After a global tour, The Power of Penn Campaign returns to Philadelphia on April 2 with an event at the Metropolitan Opera House. The architect behind the restoration of the Met Philly is Sam Olshin, MArch'86 and member of the Weitzman Alumni Board, and Principal at the firm of Atkin Olshin Schade Architects. Olshin discusses how he stays connected with Penn and the challenges of resurrecting a historic venue.
Tell me a bit about what Penn has meant to you throughout your life.
I always knew that I wanted to apply to Penn. Both of my parents went here for undergraduate and graduate school. I knew Penn well, even as a child. I used to bike around this neighborhood a lot, and I still have a sports jacket that my father bought from a clothing store that used to be on campus called Eddie Jacobs.
I started here as a pre-med for one semester before I got more heavily into the Design of Environment (DOE) program, where I learned from great professors like Frank Kawasaki and David Brownlee.
I lived in the Quad freshman year, and I later lived in the High Rises—in the same location where my mom’s sorority had been. To this day, I’m still close with many fellow students and professors that I met in graduate school. The Penn experience has been, in a word, phenomenal.
You’ve been a member of the Weitzman Alumni Board and a longtime, consistent supporter of annual giving. What influences you to continue supporting and giving back to the School?
I believe in design as a transformative process. As a city dweller, I know how much of an impact urban design can have on people’s lives. When I was at Penn’s Graduate School of Fine Arts, I was involved in a program called Architecture in the Schools, where we volunteered in the Philadelphia public school system and got really involved with kids from disadvantaged neighborhoods. That kind of outreach showed me that Penn believed in the city and was dedicated to making lives better across different communities. That commitment has only gotten stronger over time.
From your perspective as an alumnus and volunteer, what do you think of the evolution of the Weitzman School and the University as a whole?
I think it’s incredibly positive. I’ve been on a couple of architectural juries at Penn, and I’ve been back for symposia and lectures. Penn’s architecture students are coming up with bold and visionary work at a young age.
Penn has evolved to the point where all these disciplines are really talking to one another. It was more siloed when I was a student. Today, architecture practice is a mix of landscape, preservation, and city planning. Our firm’s work is one part of a larger experience, and Penn has done a great job to instill that. No architect should be alone in their endeavor.
Your firm has worked on other campus projects, too, right?
Yes! Our firm has been very fortunate to have the chance to work on a few different Penn buildings—including College Hall, the Richards Medical Building, the Jaffe History of Art Building, the Mainwaring Wing at the Penn Museum, and Stiteler Hall. Penn’s campus has grown tremendously, and the University has shown a real commitment to preserving all the buildings here while also creating newer opportunities for evolved teaching.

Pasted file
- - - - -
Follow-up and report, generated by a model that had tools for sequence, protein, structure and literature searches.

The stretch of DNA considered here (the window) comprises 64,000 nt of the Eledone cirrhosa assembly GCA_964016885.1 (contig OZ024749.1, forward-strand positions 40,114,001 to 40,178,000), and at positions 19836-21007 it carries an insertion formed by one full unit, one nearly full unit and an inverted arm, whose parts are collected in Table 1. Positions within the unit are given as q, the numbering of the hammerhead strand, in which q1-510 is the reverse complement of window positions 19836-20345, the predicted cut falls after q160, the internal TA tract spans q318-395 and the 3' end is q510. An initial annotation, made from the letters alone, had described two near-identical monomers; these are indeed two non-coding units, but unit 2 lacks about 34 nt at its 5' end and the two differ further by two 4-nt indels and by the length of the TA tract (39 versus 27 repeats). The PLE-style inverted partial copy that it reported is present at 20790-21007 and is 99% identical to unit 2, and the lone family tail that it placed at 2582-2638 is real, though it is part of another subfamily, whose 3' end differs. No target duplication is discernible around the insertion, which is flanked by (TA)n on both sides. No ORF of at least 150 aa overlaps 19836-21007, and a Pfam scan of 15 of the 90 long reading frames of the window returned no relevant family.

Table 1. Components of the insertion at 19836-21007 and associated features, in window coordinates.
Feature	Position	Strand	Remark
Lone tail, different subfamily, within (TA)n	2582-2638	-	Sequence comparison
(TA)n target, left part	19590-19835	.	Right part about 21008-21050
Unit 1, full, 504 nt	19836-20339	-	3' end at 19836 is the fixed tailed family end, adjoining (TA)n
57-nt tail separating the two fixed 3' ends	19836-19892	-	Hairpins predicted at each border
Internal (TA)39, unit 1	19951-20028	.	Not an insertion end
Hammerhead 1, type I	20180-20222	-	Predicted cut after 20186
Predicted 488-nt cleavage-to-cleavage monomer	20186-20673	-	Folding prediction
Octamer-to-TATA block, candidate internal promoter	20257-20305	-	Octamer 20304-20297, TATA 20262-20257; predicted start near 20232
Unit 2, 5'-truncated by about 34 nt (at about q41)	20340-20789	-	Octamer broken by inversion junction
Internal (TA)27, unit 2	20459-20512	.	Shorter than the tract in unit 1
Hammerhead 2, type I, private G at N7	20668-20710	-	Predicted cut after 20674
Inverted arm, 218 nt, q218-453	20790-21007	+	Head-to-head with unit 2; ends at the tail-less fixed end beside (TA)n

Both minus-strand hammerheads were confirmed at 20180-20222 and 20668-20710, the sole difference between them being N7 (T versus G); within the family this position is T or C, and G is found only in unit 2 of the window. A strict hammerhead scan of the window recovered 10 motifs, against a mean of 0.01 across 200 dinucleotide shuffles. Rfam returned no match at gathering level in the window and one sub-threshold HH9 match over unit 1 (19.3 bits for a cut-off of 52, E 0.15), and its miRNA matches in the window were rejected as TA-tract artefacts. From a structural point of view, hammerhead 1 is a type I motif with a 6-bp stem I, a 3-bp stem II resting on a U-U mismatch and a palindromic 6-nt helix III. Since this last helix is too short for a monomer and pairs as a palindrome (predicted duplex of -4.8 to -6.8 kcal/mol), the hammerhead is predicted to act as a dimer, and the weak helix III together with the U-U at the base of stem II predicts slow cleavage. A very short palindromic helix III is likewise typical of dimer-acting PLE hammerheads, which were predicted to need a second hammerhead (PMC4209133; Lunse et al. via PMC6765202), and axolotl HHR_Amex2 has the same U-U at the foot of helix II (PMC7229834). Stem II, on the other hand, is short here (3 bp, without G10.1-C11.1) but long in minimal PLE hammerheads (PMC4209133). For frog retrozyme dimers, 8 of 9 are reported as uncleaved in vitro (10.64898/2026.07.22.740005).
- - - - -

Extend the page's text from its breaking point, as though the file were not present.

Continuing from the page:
Let’s talk about your work on the Metropolitan Opera House. What state was the building in when you first started working?
The finishes were worn out, the windows were broken, much original plasterwork was gone, the roof was shot. It had been vandalized, and every bit of copper had been stolen. There were no more mechanical systems in place, but the structure was still solid. It was built out of solid reinforced concrete and had these amazing roof trusses that kept it from collapsing after years of water damage. It had what we architects would call “good bones.”
What was a challenge you faced when restoring this historic venue?
One major issue was the restoration of plaster detailing after so much water damage. We couldn’t preserve it like we wanted, but we did laser scanning of the decorative plaster detailing, and we were able to recreate the look. When you go in now, you see a complete recreation of all the historic plaster that was there. We used new technology to copy it, then old-world craftsmanship to do the elaborate work and join the plaster together.
How does it make you feel that The Power of Penn Campaign event will be held in a building that you helped restore?
I’m very pleased to be able to renovate a building that will allow Penn to celebrate everything that’s come before and the exciting things on the horizon. Penn doesn’t just have its own wonderful buildings to celebrate in, like Irvine Auditorium, but other venues around the city to celebrate as well. It drives home the kind of connection Penn has with Philadelphia, and I think that’s fantastic.